WELL, THERE HE goes, Eamon Gilmore has waved goodbye to the corridors of Iveagh House, departing as the Foreign Affairs Minister after just over a little over three years in the job. Gilmore has received a great deal of criticism for not standing up to his coalition partners and not doing enough to halt cuts in public expenditure. Yet, for me, his seemingly light touch approach to Northern Ireland will almost certainly go down as one of his biggest misjudgements as a minister.
Granted, he wasn’t the only person who wrongly declared mission accomplished on the peace process. However, the continuing instability and paralysis within the Northern Executive merely highlights the fact that whoever succeeds Gilmore will have to take a very different approach when it comes this issue.
So, in the spirit of improving the day-to-day approach of the Irish Government, here is my ‘how to’ guide for the new Minister for Foreign Affairs when it comes dealing with Northern Ireland.
Rule number one: keep yourself and the Government relevant to fast moving events
Here is something that Gilmore never really understood. When you think back to key issues during his tenure – whether it was the flags protests, or the failure of the Haass talks – can you recall from memory any noteworthy statement or intervention he made on any of these events?
The next person in charge of the Northern brief needs to recognise how important it is to make the Irish Government, alongside their British counterparts, relevant again in the peace process. This counter-productive cycle of waiting for events to happen and then rushing to criticise the failure afterwards is patently not working and needs to be abandoned as a matter of urgency.
Rule number two: prepare to play the long game
Can you achieve progress overnight in Northern Ireland? No, and you shouldn’t even try to attempt a quick fix. It took the better part of 17 years from the Downing Street Declaration in 1992 to the restoration of devolution in 2007 to achieve the formation of a stable power sharing government. If you are prepared to take the long view about where the peace process should go over the next two decades, and if you can content yourself that in all likelihood you will not be the person pictured at some famous signing ceremony, then your place in history will be remembered kindly.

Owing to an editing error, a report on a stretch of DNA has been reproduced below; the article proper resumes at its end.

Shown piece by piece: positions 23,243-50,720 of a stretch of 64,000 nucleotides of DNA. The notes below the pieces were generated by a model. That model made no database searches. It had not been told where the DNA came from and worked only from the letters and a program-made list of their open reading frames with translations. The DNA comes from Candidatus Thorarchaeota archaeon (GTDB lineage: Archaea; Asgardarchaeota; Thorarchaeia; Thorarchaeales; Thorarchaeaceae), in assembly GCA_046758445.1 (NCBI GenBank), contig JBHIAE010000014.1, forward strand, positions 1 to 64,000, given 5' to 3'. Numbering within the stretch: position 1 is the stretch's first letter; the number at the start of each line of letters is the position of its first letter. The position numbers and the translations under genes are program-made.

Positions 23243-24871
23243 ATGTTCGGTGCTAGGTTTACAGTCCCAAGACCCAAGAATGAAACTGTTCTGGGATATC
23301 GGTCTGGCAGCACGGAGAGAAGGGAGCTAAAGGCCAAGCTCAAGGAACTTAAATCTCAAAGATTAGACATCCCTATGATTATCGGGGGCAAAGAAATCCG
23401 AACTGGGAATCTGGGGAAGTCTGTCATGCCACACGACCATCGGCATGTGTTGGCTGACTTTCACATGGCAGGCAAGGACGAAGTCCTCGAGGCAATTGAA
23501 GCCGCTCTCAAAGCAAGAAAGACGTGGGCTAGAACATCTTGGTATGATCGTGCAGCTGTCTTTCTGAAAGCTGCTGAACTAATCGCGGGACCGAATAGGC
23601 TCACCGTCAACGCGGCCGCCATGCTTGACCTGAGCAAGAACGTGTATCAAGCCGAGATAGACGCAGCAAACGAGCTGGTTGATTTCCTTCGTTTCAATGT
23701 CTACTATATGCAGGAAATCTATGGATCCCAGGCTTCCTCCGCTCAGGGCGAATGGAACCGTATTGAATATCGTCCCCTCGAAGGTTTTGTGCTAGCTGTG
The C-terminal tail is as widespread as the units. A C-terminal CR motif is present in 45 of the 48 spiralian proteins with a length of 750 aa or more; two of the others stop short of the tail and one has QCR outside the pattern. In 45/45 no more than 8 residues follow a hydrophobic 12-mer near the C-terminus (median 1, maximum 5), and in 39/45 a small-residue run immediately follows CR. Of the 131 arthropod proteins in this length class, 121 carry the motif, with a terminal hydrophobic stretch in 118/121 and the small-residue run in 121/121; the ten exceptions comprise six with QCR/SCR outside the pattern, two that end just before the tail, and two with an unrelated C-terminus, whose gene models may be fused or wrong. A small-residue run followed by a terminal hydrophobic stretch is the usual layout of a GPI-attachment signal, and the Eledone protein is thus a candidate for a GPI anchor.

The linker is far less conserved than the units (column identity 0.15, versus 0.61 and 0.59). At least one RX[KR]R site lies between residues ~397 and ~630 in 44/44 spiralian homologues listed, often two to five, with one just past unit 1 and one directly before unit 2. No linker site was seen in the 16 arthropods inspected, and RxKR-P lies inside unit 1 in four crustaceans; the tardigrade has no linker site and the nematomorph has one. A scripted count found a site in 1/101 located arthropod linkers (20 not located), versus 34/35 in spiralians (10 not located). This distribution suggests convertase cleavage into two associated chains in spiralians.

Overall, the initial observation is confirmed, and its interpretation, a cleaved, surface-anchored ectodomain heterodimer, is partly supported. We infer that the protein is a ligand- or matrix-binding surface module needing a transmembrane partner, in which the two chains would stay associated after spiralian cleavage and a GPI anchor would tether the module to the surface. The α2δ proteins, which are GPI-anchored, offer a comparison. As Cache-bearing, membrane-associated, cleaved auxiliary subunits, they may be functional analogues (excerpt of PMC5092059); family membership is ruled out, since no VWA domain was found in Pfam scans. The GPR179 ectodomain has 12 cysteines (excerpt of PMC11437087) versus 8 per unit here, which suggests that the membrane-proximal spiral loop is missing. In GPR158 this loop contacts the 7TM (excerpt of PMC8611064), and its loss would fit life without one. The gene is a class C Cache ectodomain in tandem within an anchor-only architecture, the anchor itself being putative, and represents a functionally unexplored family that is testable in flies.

Rule number three: be imaginative about how to deliver the next steps forward within the peace process
Greeting a new minister is an Executive with a 9% job approval rating and a disenchanted electorate, half of whom don’t even think it is worthwhile going to vote. These dismal set of figures should be enough to make the new minister sit up and take notice that not everything is going well with the peace process. It took bold moves and thinking outside of the box to deliver the Good Friday Agreement, and today that same style of leadership is required.
None of this is easy of course and not all of it can be achieved by the Minister for Foreign Affairs alone. The truth is that it will take a genuine effort from all interested parties to get Northern Ireland back on track. Both the British and Irish governments need to use all the fiscal and political tools at their disposal to assist those political leaders in Northern Ireland who want to achieve progress on issues such as flags, dealing with the past and parades.
Yet, it is up to them to ultimately involve themselves in the process and a key task for the new minister will be to dramatically up the Irish Government’s game in this area. How many more deals have to fail and relationships become damaged before officials in Dublin and London realise that leaving the peace process on auto pilot is not achieving anything substantive. I sincerely hope that whoever succeeds Eamon Gilmore is successful in their tenure as a minister and for Northern Ireland, it will be necessary for whoever sits in Iveagh House, to follow these three simple rules and adopt a different approach from their predecessor.